Friday, September 3, 2010

The iftars just keep on coming!

Iftar. The meal at the end of every day in Ramadan. I had two this weekend, and can't imagine how anyone copes with 30 in terms of the eating, let alone the food prep. Here is the first:
A rare yellow door. Possibly indicates the home of a magistrate. This mansion was abandonned for years before it became a restaurant/museum.

Main dining room
Butter-stuffed dates
Kaloun player
 On Friday night, 20 teachers from the school had an iftar meal at Dar el Jeld, a wonderful restaurant/museum in the Medina. (A medina is the old walled city in any city or town in Tunis. The medina of Tunis was built in the 7th century and was declared a UNESCO world heritage site in 1979.) I would like to go back some time when I am NOT in a large group of foreigners, because I am sure they can do better. The food was good, but pedestrian. I believe they had gone to lengths to remove the spices. The meal started, as always, with a plate of dates - this time stuffed with butter. And before you gag, you go try it. They were fabulous. There was a choice of fish or beef soup, a brik, and some truly amazing salads. The main course was either lamb shanks or stuffed calimari on rice. Dessert was a pistacio cake, followed by - wait for it - mint tea! I will soon only fit into my caftan!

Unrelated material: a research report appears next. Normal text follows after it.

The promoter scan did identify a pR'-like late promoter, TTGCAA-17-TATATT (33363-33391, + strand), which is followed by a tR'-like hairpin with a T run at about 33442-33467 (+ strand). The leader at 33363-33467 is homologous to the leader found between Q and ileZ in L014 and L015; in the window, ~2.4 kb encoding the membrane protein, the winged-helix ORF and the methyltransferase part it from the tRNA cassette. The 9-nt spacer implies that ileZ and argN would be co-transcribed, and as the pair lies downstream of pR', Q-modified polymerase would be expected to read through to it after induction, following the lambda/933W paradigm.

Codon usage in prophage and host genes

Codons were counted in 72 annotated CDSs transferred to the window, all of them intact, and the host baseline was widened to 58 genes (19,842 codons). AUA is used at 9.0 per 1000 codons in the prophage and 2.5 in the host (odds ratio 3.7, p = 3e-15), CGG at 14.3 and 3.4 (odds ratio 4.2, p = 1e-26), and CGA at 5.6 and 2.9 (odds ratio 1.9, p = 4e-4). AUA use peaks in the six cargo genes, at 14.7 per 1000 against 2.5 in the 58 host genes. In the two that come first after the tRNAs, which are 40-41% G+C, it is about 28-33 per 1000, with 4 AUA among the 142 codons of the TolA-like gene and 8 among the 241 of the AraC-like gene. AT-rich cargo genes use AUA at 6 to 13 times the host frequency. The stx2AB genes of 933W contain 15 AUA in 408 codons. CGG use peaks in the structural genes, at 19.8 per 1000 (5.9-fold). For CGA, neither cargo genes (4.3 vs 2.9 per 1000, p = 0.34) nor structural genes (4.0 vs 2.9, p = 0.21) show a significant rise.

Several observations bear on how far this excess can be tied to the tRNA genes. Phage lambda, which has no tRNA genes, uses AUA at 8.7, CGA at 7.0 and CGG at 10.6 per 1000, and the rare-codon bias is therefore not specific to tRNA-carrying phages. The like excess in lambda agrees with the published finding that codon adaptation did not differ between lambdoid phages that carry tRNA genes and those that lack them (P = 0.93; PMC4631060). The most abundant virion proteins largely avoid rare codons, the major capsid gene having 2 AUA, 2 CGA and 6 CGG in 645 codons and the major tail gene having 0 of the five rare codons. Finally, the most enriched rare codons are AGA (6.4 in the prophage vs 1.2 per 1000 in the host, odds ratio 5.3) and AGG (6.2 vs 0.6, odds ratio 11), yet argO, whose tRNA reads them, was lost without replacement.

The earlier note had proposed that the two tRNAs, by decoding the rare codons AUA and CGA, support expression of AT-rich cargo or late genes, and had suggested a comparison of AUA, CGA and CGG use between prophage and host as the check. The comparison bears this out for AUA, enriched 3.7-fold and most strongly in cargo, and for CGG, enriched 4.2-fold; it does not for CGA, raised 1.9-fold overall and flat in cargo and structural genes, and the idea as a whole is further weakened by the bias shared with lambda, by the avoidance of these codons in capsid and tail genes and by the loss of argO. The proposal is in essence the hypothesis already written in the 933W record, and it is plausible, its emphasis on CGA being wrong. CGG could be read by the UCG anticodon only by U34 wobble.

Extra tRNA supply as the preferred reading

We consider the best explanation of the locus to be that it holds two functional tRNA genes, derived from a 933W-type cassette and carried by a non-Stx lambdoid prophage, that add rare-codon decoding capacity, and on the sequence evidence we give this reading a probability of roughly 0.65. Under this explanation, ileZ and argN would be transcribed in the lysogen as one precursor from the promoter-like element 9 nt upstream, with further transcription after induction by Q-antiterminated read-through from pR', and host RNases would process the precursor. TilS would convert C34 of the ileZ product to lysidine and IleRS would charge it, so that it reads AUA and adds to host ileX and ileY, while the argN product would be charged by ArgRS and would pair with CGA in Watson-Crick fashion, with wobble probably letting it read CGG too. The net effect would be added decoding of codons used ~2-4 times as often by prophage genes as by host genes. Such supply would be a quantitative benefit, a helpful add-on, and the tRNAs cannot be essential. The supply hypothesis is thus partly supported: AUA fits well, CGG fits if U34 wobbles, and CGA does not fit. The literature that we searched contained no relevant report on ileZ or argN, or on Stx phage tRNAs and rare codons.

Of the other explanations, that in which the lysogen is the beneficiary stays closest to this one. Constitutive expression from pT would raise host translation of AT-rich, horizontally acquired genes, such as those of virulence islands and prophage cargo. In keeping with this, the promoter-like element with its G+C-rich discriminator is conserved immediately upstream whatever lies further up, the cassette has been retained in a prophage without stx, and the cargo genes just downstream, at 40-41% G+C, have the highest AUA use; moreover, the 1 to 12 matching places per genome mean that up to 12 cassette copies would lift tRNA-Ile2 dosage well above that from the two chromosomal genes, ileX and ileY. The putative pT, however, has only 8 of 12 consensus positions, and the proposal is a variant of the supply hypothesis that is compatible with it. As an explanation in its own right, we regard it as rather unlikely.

Mosque at the Tunis Medina

Small salon

 After dinner, we had a short guided tour of the median itself. Here again, I'll have to go back - many times, I expect.

One of the last true chechia-making shops in the Median
Weird scary African procession in a street in the Medina.

1 comment:

  1. What's a chechia?

    So enjoying the blog! but I need your address..... please send by email. I've also lost my computer to the techies -- it ceased to function dependably, and they are taking a LOOOONNNG time to fix it and I'm hysterical because I can't do anything easily. So.

    xox, Robin